In an effort to prevent civilian casualties, a new Defense Department policy will only allow the use of landmines with a 30-day self-destruction or self-deactivation feature.
"As part of President Donald J. Trump’s steadfast commitment to ensuring our forces are able to defend against any and all threats, the President has canceled the Obama Administration’s policy to prohibit United States military forces from employing anti-personnel landmines outside of the Korean Peninsula," Stephanie Grisham, White House press secretary, said in a statement.
"The Department of Defense has determined that restrictions imposed on American forces by the Obama Administration’s policy could place them at a severe disadvantage during a conflict against our adversaries," she added. "The President is unwilling to accept this risk to our troops."
Under a new Defense Department policy, combatant commanders will be authorized "in exceptional circumstances, to employ advanced, non-persistent landmines specifically designed to reduce unintended harm to civilians and partner forces."
The change in the Pentagon's landmine policy was first reported by CNN on Thursday.
In 2014, President Barack Obama issued a ban on the U.S. military's use of landmines, except for the Korean peninsula, and also directed the destruction of mines not to be used for that purpose.
That ban brought the U.S. in line with the 1997 Ottawa convention that barred the use of persistent anti-personnel landmines that didn't self-destruct.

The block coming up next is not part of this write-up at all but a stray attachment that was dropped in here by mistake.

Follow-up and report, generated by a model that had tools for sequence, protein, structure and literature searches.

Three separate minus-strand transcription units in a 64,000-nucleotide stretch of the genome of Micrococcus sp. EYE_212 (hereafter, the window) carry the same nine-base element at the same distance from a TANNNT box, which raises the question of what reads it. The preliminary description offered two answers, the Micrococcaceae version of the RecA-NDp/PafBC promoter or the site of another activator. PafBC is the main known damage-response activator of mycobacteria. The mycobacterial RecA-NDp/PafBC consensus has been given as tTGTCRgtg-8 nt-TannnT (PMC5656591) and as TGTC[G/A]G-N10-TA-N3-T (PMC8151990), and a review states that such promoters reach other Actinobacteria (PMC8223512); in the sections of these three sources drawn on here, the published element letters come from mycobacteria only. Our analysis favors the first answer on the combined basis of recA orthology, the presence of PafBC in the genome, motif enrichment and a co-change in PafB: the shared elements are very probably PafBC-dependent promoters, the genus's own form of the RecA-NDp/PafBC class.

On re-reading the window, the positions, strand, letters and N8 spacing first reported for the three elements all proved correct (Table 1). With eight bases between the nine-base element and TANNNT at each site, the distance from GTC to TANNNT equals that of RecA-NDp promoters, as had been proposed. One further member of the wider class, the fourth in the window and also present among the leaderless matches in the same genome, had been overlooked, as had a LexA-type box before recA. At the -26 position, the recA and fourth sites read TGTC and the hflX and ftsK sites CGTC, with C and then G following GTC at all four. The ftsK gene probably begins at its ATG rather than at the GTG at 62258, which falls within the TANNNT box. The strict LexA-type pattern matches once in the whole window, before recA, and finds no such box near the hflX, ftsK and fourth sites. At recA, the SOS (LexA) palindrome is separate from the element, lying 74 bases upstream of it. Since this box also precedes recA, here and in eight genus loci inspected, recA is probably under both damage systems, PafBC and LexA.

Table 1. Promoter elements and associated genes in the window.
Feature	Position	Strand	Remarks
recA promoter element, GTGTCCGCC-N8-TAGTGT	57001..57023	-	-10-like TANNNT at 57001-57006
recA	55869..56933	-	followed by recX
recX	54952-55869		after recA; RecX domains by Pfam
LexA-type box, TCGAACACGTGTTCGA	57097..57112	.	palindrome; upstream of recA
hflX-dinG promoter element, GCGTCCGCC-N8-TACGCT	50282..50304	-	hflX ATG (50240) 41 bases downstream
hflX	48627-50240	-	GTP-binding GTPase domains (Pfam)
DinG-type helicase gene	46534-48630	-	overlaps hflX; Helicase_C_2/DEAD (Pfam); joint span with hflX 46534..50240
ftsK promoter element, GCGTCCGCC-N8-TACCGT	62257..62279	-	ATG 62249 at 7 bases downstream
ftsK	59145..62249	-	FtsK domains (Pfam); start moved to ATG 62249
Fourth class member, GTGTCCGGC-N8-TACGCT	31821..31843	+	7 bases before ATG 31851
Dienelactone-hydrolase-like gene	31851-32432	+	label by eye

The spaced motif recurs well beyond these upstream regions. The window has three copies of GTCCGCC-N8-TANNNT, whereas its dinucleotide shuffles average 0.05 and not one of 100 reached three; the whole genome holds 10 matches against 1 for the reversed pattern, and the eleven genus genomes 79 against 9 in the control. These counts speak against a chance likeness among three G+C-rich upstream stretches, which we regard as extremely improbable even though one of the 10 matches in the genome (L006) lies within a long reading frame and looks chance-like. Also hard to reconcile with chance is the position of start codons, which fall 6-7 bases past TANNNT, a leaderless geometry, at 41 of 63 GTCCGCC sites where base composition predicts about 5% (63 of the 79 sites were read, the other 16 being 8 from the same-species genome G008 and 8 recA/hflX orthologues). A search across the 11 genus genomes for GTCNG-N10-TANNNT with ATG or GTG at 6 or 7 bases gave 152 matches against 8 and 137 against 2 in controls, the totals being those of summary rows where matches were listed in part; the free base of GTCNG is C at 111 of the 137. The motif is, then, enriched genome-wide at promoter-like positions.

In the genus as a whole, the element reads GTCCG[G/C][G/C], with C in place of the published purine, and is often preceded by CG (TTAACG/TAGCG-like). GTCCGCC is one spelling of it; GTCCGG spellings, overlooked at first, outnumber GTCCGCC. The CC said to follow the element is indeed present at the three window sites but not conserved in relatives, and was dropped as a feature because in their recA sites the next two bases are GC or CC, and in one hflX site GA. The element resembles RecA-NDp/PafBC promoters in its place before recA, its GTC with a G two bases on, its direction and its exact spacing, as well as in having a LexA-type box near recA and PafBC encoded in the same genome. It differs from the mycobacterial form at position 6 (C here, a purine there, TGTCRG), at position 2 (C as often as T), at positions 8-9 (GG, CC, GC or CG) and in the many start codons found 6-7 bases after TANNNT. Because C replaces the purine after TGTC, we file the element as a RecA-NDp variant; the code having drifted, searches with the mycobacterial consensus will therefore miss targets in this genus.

The use of landmines has been controversial given the number of civilians who have been maimed or killed from un-exploded anti-personnel mines from previous conflicts.
The more than seven million landmines in the U.S. military's stockpile are non-persistent -- meaning they will not explode after a certain time.
Under the new policy, the military will only be allowed to use landmines that have a 30 day or less shelf-life. These "smart" mines will have self-destruct timers that can be set for hours, days or up to 30 days.
The Pentagon says that these types of landmines have only a 6-in-1 million chance of being active after a pre-determined time.
Jim Mattis, Trump's first defense secretary, authorized a review of the ban on landmine use that culminated with the recommendation for a change in policy.
"Landmines are one of many other important tools that our commanders need to have available to them on the battlefield, to shape the battlefield and to protect our forces," Mark Esper, the current defense secretary, told Pentagon reporters ahead of the White House announcement of a change in policy. "At the end of the day, we want to make sure that we have all the tools in our toolkit that are legally available and effective to ensure our success and to ensure the protection of our soldiers, sailors, airmen and Marines."
Esper said the use of the landmines would "take into account both the safety of employment and the safety to civilians and others after a conflict."
The shift in policy was necessary because "the strategic environment has changed, according to Victorino Mercado, who is performing the duties of Assistant Secretary of Defense for Strategy, Plans and Capabilities.
With the Pentagon returning its strategic focus to China and Russia, Mercado told a small group of reporters on Friday that the restoration of deterrence will help to deal with a "strategic imbalance."
He said the value of using land mines in a conventional fight is that it enables commanders "to shape the battlefield" and redirect opposing forces away from exposed forces.
Mercado said he did not expect to see landmines being used in current conflict zones like Afghanistan, Iraq and Syria.